The Seeds of Resentment
In December 2012, anti-MRC figures, including numerous civil society organizations, media outlets, and FSA factions, gathered to elect a new governing body, called the Local Council (LC). This body rejected the legitimacy of the Revolutionary Council, and included in its leadership a number of second-tier tribal figures of rural origin from the Hosh and Albu Banna. Throughout the first half of 2013, the key tension between the MRC and the LC was over the question of social services. The MRC had adopted a liberal, laissez-faire policy towards governance, imposing zero income, sales, value added, or commercial taxes on residents or businesses while choosing not to regulate key sectors such as fuel, agriculture, or imports. The LC and its allies, however, interpreted the MRC’s unwillingness to address problems in these industries — such as shortages and inflated costs of staple goods — as negligence. The LC began to make repeated, failed bids to assert control over key institutions like the grain silos and bread furnaces.
The Revolutionary Council also proved unable to rein in kidnapping and criminality that had become widespread in liberated territories throughout Syria. Pro-Local Council FSA groups in turn took it upon themselves to preserve law and order and establish their own courts and police organizations that undermined those set up by the MRC.
Ironically, many of these groups were also the city’s most egregious perpetrators of criminality, in particular the Faruq Brigades, one of the LC’s most powerful supporters who mostly recruited fighters from the Hosh tribal confederation, and Liwa Jund al-Haramayn (LJH), which contained large cross sections of fighters from the Hosh and Albu Bana tribes. The Faruq Brigades and to a lesser extent LJH became the military weight behind the LC, allowing it to act as a counterbalance to the MRC.
By April 2013, a cold war had grown between the Hadhrani-dominated MRC and the tribal-backed Local Council, leaving a divided city, ripe for exploitation under the right circumstances.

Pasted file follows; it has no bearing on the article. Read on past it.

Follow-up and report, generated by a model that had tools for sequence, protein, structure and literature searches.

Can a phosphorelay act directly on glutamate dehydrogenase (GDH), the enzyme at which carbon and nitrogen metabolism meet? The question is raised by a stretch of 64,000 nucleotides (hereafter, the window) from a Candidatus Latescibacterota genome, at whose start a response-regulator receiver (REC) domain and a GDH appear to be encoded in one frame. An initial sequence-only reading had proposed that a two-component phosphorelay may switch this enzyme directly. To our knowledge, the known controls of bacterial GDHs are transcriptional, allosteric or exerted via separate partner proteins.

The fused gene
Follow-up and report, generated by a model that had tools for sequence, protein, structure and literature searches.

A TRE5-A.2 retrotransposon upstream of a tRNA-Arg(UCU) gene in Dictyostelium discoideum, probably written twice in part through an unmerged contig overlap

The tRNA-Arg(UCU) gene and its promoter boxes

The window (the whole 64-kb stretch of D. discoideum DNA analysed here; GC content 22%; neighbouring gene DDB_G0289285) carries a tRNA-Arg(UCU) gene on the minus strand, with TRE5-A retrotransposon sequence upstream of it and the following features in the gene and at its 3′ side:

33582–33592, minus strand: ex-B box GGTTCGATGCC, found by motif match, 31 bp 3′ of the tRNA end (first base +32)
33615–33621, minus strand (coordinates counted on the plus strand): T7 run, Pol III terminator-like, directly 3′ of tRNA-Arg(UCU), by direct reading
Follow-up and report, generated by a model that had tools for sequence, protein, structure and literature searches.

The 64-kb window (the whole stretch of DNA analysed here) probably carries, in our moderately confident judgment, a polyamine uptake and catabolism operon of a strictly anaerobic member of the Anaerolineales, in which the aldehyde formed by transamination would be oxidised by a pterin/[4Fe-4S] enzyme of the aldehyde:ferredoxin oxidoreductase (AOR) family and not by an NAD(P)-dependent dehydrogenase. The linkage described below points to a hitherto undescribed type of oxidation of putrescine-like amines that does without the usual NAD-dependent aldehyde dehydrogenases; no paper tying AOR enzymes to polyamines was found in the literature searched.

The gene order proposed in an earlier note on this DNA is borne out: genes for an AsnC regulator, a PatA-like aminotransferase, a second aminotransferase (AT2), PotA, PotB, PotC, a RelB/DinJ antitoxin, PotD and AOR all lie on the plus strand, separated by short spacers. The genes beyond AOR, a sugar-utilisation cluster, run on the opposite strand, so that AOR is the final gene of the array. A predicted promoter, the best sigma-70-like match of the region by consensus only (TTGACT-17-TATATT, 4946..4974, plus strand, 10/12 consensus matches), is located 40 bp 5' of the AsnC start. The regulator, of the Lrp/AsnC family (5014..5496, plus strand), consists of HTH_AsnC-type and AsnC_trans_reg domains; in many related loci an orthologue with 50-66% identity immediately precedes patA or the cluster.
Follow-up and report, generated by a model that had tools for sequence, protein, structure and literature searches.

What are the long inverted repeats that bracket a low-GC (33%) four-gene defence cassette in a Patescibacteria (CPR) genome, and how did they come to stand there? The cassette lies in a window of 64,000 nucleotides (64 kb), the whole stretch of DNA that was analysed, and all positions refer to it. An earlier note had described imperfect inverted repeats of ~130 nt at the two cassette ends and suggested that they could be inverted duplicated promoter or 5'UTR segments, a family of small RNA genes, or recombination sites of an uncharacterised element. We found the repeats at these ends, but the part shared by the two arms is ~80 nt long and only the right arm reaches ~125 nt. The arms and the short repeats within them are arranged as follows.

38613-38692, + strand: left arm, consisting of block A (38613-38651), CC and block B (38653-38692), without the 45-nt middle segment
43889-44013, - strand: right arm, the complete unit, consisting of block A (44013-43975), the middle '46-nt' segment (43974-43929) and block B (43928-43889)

Here Comes ISIS
The forerunner to ISIS would first enter Manbij on 05 April 2013 to reinforce Ahrar al-Sham in its campaign to arrest the “Prince” a Faruq Brigade commander who was a notorious kidnapper. Allegedly, the Revolutionary Council had asked AHS to carry out the campaign in order eliminate its LC rivals, while Ahrar al-Sham—whose fighters mostly came from outside Manbij—viewed the campaign as a pretext to strengthen its presence in new areas.
Before long, Ahrar al-Sham managed to arrest the Prince, landing a major victory for the MRC. Just days later, however, ISIS publically announced its existence in Syria, and members of its new chapter in Manbij began to cultivate close relationships with pro-LC figureheads. Soon, key Faruq Brigade supporters and other tribal figures threw their weight behind ISIS, who effectively replaced the Farouq Brigade as the most prominent backer of the anti-MRC camp. Months later, the Prince himself would escape from prison and strike up an alliance with ISIS as protection against the MRC and Ahrar al-Sham.
ISIS began to set up its own court system, with a penchant for extreme violence that made it an effective and feared force in the city. The group began to employ LC activists to renew calls for the MRC to relinquish control of local grain silos, bread furnaces, and other key facilities. One by one, with some popular support, ISIS began to assert direct control over them.
When MRC-ISIS tensions came to a head in January 2014, the Islamic State was able to convince numerous FSA groups — including the Prince’s Faruq Brigades — to adopt an official stance of neutrality, sidelining a key section of the city’s armed factions. Yet following its takeover, ISIS would go on to arrest and detain many of those same pro-LC forces. The Hadhrani-tribal split had been one of the defining features of revolutionary Manbij, but in the end, both sides would lose everything.
Jeremy Hodge is an investigative journalist writing on the petroleum/defense sectors, collusive state-business relations and regional finance. He has conducted research on Egypt’s automotive sector for the Center for International Development at Harvard University and previously served as Editor of the Yemen Times Newspaper and Radio in Sana’a, Yemen. Jeremy’s articles have appeared in Foreign Affairs, The Nation, Le Monde Diplomatique, Al-Jazeera, and other outlets. He is fluent in Modern Standard, Egyptian, and Levantine Arabic.